Pay inequalities and cooperatives

Richard Wilkinson was at the Quebec cooperative summit this morning, sharing some of the findings of his pioneering research into (more) equal and less equal societies that first came out in the book The Spirit Level, and also calling for cooperatives and employee-owned businesses to lead the way in developing business models which promote more equality.

Which I guess leads us on to the issue of executive pay in coops, always a prickly topic and one which you won’t be surprised to hear hasn’t been on the agenda  (the report I was told a year ago by organisers of the summit would be commissioned on the subject clearly hasn’t materialised).  Perhaps such a discussion would be deemed unkind to our host Monique Leroux of Desjardins, whose own pay packet (comfortably into 7 figures – well, she is a banker) has in the past raised some controversy in her cooperative.

Not on the agenda then, but three of us (a US cooperator from Seattle and another British delegate) made up for the omission by talking about the topic of executive pay in coops whilst eating our lunch today.  Conclusions?  That pay policies for coops are not necessarily completely straightforward, but that this is an issue which mustn’t be ducked.

On men, and women, and cooperatives

One of the most striking aspects of the Quebec cooperative summit is how many of the plenary sessions and workshops have had panels composed entirely of women speakers, sitting together in their business attire but without a single man with them to provide gender balance.  Admittedly, there was a round table this morning where there were two men contributing, but the session I am attending as I write this is back to the norm: six women at the front discussing the way forward for the cooperative movement.

 

This is worth remarking upon, perhaps, if only because the CEO of host cooperative Desjardins is (unusually in the financial services world) a man, as of course is the current President of the International Co-operative Alliance.

 

Hang on a moment, I think this blog is coming out a bit wrong.  Could I ask you to change the above, substituting ‘men’ for ‘women’ and vice versa?

On ‘phoenix’ coops. And Tony Benn.

Tony Benn’s death in March has failed to be adequately acknowledged in cooperative circles, I think. Benn, when he was Secretary of State for Industry in the 1974 Labour government, helped facilitate a number of attempts to establish worker-controlled cooperatives to take over major companies which had failed, including motorcycle manufacturer Triumph Meriden and white-goods manufacturer KME.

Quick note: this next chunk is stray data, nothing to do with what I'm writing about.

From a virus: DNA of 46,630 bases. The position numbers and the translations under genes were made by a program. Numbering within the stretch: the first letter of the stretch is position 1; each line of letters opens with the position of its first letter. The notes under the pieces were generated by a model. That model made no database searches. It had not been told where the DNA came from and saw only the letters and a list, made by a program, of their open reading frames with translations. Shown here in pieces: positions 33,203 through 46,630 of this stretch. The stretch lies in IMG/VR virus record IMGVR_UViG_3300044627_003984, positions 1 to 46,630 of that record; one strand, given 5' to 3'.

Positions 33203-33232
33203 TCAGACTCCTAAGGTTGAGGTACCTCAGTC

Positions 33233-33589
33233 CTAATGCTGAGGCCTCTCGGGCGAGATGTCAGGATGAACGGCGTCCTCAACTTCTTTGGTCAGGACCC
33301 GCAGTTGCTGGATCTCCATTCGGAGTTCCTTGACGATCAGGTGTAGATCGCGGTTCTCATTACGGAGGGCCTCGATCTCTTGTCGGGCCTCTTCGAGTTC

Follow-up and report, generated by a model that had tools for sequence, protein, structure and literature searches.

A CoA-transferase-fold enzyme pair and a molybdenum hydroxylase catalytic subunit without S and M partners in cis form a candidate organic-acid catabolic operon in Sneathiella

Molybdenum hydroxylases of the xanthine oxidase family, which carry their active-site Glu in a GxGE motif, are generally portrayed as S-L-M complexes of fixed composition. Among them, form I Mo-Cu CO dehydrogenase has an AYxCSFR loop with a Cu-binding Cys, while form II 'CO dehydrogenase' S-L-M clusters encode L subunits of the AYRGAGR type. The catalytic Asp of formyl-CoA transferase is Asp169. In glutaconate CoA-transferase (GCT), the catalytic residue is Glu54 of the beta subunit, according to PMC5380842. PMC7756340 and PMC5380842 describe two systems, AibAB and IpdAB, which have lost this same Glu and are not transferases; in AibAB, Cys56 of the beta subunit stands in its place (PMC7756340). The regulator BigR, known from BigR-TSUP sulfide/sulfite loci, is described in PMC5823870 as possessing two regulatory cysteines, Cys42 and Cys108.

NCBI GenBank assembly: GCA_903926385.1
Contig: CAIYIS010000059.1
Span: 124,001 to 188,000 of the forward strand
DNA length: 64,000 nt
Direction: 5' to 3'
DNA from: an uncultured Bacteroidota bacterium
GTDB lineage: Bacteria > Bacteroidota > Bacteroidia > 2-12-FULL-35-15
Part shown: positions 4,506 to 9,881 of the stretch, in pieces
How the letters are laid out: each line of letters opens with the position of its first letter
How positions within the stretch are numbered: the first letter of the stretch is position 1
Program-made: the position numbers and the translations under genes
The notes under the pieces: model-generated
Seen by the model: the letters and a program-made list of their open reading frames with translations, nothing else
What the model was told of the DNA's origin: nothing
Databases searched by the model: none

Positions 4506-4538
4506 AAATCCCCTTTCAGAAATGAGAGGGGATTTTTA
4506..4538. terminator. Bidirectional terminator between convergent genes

This was at a time when the old productive cooperative wing of the movement in Britain was more or less invisible and when the new wave of collectively-run workers’ cooperatives in sectors such as wholefoods and bookselling had yet to arrive on the scene.

Benn’s contribution to the re-emergence of worker cooperation in Britain (partly I think inspired by the Upper Clyde Shipbuilders) has tended to be played down probably because none of the ‘phoenix’ coops he was associated with managed to break through to enjoy a commercially profitable second life. There were things done wrong in those experiments, too, albeit often for the best of reasons. Tony Benn was very sound, though, on the importance of cooperatives being genuinely member-led and bottom-up. He wrote, in 1976, that “the impetus, the imagination, the energy, the organisational ability was coming from the people on the shop floor itself”. And he added, “Unless a Labour Government can find some way of discovering and encouraging, harnessing and working with this sort of feeling, it is inevitably going to be driven back on to a plan for industry thought out at the top and imposed from the top”.

I’ve been reminded of Tony Benn’s engagement with coops because I’ve been writing today on some successful very recent initiatives in France, which – partly through trade union involvement – have seen insolvent businesses brought back to life as workers’ coops. These include the 150-year old textile company Fontanille in the Auvergne and the printing company Hélio-Corbeil in the Loire region, both significant local employers. (You’ll find some interesting short films about both on YouTube).

It’s always hard to turn around a failed business and create a successful genuine cooperative. But it can be done. And Benn’s pioneering efforts in this respect should not be forgotten.